Language & Gender ~ Thoeries

Theorists and their theories

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Sarah Mills

(examples in bold)

  • Examined lexical pairs and noted how male terms had possitive attributes
    • Lord + Lady
  • Many female equivalents are marked as indicative of sexual promiscuity
    • Stud vs Tart
  • Semantic deterioration
    • Lady >> cleaning lady, dinner lady
    • Queen >> drama queen
    • Lord remains the same
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Julia Stanley (1973)

  • Marked inequality for words
    • mistress vs master
    • spinster vs bachelor
  • More sexually promiscuous words used for women
    • b*tch
    • sl*t
    • sl*g
    • wh*re
  • Women occupy negative semantic space due to marked terms
    • spinster
    • mistress
    • ms
    • lady
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Janet Holmes (1992)

  • Animal imagery used to describe men suggests they're strong & brave, women = sweet or sexual or bad
    • honey
    • sugar
    • cupcake
  • Examined use of tag questions
    • They may not necessarily be a sign of uncertainty
    • In some cases tag questions can be a way of maintaning discussion or being polite
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Peter Trudgill (1974)

  • Focused on phonological and grammatical variation
    • Men use more non - standard pronunciation and attached a form of high status to non - standard forms 
    • 'Covert Prestige'
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Jenny Cheshire (1974)

  • Focused on phonological and grammatical variation
    • similar findings to Trudgill Chesire explained these due to male show of linguistic and social solidarity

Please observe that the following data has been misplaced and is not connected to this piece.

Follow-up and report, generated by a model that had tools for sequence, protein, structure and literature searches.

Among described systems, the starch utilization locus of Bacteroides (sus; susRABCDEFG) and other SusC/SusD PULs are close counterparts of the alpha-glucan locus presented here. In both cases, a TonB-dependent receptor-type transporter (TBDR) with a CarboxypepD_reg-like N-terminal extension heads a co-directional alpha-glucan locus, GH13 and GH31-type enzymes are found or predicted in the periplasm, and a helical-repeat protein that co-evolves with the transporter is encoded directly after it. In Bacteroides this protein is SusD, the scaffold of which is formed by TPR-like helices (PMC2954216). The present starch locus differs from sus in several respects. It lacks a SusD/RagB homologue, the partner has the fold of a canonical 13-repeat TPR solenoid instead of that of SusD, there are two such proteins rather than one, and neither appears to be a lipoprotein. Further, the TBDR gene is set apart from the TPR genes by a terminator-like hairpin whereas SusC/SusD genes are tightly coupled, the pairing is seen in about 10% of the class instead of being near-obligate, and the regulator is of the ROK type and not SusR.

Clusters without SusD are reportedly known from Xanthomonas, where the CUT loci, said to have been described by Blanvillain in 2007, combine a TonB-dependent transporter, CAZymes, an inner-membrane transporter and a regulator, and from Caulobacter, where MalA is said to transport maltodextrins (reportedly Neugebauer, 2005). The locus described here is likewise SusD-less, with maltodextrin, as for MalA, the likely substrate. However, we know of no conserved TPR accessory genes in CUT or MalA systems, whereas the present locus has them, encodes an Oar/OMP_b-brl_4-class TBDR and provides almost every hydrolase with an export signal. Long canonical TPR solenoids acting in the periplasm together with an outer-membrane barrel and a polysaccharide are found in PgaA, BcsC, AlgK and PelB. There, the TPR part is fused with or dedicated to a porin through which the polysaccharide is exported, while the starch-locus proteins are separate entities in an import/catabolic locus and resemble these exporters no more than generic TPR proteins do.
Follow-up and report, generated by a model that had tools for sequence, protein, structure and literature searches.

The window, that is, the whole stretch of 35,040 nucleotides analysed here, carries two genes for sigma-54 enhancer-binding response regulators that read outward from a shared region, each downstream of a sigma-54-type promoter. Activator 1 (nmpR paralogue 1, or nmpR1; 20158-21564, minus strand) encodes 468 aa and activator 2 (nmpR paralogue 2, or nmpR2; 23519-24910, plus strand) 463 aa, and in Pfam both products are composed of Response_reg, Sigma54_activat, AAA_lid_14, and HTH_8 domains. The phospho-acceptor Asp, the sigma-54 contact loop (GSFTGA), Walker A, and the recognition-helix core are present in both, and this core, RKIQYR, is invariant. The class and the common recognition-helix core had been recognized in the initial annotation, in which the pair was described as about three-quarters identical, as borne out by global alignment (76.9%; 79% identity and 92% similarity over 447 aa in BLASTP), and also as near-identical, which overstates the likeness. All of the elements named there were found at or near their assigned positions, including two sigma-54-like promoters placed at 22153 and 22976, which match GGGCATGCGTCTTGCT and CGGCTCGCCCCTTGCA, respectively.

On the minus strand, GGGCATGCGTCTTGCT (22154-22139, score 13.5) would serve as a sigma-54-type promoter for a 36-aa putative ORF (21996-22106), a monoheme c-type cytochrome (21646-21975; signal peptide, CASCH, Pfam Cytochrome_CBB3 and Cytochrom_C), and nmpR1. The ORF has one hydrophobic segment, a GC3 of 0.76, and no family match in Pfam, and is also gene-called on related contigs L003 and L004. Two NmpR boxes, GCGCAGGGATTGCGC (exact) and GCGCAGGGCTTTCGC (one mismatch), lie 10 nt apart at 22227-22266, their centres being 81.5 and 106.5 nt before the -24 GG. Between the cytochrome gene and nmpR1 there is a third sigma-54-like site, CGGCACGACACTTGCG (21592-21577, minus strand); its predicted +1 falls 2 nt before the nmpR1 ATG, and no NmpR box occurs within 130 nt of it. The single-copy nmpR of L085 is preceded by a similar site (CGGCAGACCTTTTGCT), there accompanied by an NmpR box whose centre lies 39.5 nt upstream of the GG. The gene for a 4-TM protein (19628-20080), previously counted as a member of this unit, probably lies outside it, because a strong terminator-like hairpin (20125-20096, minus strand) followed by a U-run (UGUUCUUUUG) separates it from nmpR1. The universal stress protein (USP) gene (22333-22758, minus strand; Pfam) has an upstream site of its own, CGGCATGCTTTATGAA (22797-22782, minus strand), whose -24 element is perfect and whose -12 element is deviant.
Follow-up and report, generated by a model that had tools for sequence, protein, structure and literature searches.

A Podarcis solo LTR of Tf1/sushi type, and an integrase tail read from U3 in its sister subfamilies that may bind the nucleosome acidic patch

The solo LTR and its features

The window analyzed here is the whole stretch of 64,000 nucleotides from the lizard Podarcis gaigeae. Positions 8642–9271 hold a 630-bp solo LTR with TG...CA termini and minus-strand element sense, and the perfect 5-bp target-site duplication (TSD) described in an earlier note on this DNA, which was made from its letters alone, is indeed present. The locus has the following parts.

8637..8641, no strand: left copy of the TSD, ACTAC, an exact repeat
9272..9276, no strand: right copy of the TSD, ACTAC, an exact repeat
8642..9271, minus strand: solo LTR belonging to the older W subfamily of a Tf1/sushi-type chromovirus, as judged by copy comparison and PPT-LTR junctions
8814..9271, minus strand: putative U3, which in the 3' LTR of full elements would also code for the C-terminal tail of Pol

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Jennifer Coates (1989) - all female conversation

  • Examined epistemic model forms such as 'perhaps', 'sort of', 'probably'
    • Women seemed to use these forms to avoid face threatening acts when talkingto other females
    • Seen as sign of female cooperation and speaker support
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William O. Barr and Bowman Atkins

  • Linguistic study of language used in a courtroom
    • Men from lower class backgrounds used similar features to those identified by LAKOOF
    • Features of uncertain speech mere more dependent on power relations than gender.
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Dominance Approach

Zimmerman & West (1975)

96% of interruptions in mixed sex conversations made by men  

  • women = restricted linguistic freedom
  • men = impose dominant status through applying explicit contraints in conversations

women ≠ men ~ conversational rights

Parents -> interrupted & assumed power in interactions in same way men do in mixed talk


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Difference Approach

  • idea men + women have different ways of talking in single sex conversations
  • men & women -> 
    • different sub-cultures & different attitudes to types of talk =
      • cultural differences & pressures 
  • Strengths =
    • focus of linguisitic achievements of women
    • little focus on dominance of men

 

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Difference Approach (Part II)

Jennifer Coates (1989)

  • All female talk is cooperative
    • speakers help negotiate discussions and support each other

Jane Pilkington (1992)

  • all - female talk more cooperative than male talk
    • women aimed for more positive politeness stategies
    • whereas men were less complimentary and supportive in all- male talk
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Difference Approach (Part III)

Koenraad Kuiper (1991)

  • Men in all-male talk (members of a rugby team
    • pay less attention to saving face
    • use insults as way of expressing solidarity

Deborah Tannen (1990)

  • Used Difference Approach to examine mixed-sex talk
    • outlined six main differences between male and female talk
      • male / female
      • status / support
      • idenpendence / intimacy
      • adive / understanding
      • information / feelings
      • orders / proposals
      • conflict / compromise
    • see http://www.universalteacher.org.uk/lang/gender.htm#tannen/
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